Portuguese Strike as Debt Contagion Spreads to Lisbon Streets: Euro Credit
Portuguese Prime Minister Jose Socrates is facing the country’s biggest strike in 22 years as fallout from Europe’s debt crisis spreads from bond markets to the streets.
Workers are walking off the job today to protest government austerity measures as concern about Socrates’s ability to tame the euro-region’s fourth-biggest budget deficit pushed the cost of insuring Portugal’s debt against default to a record high. Credit default swaps climbed 23 basis points yesterday to 482.2, while the yield premium demanded to hold the country’s 10-year bonds over German bunds rose 15 basis points today to 450.
The backlash against wage cuts and tax increases to trim euro-region deficits is fueling political turmoil and undermining investor confidence. Irish Prime Minister Brian Cowen said Nov. 22 he will seek early elections after a key ally abandoned his ruling coalition over his decision to seek an EU bailout. Italian Prime Minister Silvio Berlusconi faces a December confidence vote and Greek Prime Minister George Papandreou also threatened this month to hold elections.
“The strike arises in a context of a set of measures that are quite significant and have social impact,” said Carlos Firme, a director at Lisbon-based Banif Banco de Investimento SA. “It’s natural that there are demonstrations of discontent.”
The Portuguese strike follows protests in Greece, Spain and Ireland over budget cuts that may cripple their economic recoveries and deepen workers’ pain. In Ireland, labor unions are planning “mass mobilization” in protest of planned spending cuts, with a march in Dublin on Nov. 27. The International Monetary Fund forecasts Portugal’s economy may shrink 1.4 percent next year because of fiscal tightening.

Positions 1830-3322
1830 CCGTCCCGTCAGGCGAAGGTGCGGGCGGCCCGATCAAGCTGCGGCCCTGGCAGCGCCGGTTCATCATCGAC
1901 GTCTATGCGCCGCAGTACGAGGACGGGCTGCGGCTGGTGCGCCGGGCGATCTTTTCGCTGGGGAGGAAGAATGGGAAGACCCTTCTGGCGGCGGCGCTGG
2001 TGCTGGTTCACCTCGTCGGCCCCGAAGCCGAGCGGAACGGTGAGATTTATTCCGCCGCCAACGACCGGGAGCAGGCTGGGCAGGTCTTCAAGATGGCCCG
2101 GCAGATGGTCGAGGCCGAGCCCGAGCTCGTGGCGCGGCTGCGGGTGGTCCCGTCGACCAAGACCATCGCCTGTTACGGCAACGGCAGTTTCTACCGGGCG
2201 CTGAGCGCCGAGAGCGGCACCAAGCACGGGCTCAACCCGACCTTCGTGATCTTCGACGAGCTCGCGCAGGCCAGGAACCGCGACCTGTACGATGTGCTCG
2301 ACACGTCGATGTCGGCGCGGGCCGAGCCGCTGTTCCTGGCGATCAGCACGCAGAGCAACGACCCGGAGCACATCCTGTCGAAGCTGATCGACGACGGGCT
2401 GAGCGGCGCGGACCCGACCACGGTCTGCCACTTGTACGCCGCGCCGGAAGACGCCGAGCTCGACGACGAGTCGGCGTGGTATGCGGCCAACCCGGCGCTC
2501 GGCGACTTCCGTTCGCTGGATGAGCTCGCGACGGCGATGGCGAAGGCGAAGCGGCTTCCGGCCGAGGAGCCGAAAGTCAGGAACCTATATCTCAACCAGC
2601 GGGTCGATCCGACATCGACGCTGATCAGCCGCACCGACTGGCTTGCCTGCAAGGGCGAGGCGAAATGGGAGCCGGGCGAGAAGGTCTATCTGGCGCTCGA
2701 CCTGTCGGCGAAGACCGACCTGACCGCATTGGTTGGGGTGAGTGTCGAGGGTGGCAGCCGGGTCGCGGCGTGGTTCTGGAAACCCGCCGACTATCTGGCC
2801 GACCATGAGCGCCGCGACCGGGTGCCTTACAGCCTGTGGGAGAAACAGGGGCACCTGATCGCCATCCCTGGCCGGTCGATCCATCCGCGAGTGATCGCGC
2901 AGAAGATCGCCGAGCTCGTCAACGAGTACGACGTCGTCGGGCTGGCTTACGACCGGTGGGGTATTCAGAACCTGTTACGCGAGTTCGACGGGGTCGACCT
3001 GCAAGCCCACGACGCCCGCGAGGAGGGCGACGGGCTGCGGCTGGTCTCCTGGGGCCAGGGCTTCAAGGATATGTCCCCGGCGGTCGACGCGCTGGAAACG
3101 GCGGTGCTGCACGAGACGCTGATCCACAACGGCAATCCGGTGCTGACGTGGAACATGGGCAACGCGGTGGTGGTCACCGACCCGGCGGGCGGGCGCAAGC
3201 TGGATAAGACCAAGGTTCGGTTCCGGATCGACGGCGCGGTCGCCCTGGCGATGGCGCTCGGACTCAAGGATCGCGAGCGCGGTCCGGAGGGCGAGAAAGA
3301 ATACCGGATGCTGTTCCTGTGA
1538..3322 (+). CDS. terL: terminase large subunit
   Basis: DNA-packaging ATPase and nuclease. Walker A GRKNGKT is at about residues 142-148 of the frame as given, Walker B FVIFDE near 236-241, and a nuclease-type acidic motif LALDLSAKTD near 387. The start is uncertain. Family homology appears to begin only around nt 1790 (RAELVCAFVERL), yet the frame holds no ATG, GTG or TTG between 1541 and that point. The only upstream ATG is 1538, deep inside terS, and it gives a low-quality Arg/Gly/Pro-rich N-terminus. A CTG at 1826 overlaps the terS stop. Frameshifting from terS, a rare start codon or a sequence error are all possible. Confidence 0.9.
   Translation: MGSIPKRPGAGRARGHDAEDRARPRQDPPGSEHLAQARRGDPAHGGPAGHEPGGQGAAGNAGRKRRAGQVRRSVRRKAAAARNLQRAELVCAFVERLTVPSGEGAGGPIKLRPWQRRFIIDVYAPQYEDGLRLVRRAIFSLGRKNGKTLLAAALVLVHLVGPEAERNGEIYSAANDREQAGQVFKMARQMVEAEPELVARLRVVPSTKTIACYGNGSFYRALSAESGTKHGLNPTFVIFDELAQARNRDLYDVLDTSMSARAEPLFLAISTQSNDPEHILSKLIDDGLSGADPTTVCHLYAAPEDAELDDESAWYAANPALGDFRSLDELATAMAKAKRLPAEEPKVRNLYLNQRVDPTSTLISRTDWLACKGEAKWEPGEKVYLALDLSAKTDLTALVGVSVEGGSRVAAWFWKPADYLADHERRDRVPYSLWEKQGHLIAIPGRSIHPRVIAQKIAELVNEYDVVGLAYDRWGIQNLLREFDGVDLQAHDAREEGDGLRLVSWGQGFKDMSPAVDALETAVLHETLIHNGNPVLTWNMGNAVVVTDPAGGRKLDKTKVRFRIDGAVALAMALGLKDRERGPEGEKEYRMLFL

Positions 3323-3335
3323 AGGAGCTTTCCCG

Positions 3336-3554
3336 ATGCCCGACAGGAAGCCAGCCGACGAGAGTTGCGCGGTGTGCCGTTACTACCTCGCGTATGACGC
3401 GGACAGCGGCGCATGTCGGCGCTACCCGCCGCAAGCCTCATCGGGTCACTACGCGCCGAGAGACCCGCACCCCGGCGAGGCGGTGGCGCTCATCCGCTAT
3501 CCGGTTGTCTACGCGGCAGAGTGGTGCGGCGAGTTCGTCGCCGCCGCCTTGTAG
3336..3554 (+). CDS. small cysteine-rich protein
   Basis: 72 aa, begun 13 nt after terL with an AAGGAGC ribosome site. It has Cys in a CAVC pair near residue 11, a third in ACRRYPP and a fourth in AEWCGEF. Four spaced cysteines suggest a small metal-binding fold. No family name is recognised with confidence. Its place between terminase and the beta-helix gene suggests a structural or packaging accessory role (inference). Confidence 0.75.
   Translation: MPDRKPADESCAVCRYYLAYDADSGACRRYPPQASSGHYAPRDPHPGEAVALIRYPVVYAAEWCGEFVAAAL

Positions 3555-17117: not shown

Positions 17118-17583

Portugal’s biggest unions are reacting now because the government was slower to push through spending cuts and, as a result, made less progress in lowering the budget deficit, fueling investor speculation the country may be next to seek aid from the European Union. State workers held a strike in March.
Portugal said in September it would cut the wage bill by 5 percent for public workers earning more than 1,500 euros ($2005) a month, freeze hiring and raise value-added taxes by 2 percentage points to 23 percent to help reduce a deficit that amounted to 9.3 percent of gross domestic product last year. The measures are included in the government’s 2011 spending plan, which faces a final vote in parliament on Nov. 26.
Ireland, Spain and Greece have implemented similar measures to cut their deficit levels. Portugal’s central government budget gap widened 1.8 percent in the first 10 months. That compared with a decline of 47 percent in Spain and more than 30 percent in Greece.
Portuguese workers at ports and hospitals are participating in the strike, and Lisbon’s metro rail service is closed, the CGTP labor group said. Most flights departing from Lisbon and Oporto airports this morning have been canceled, according to the website of Portuguese airport operator ANA-Aeroportos de Portugal SA. The last general strike by the country’s largest labor organizations was in 1988.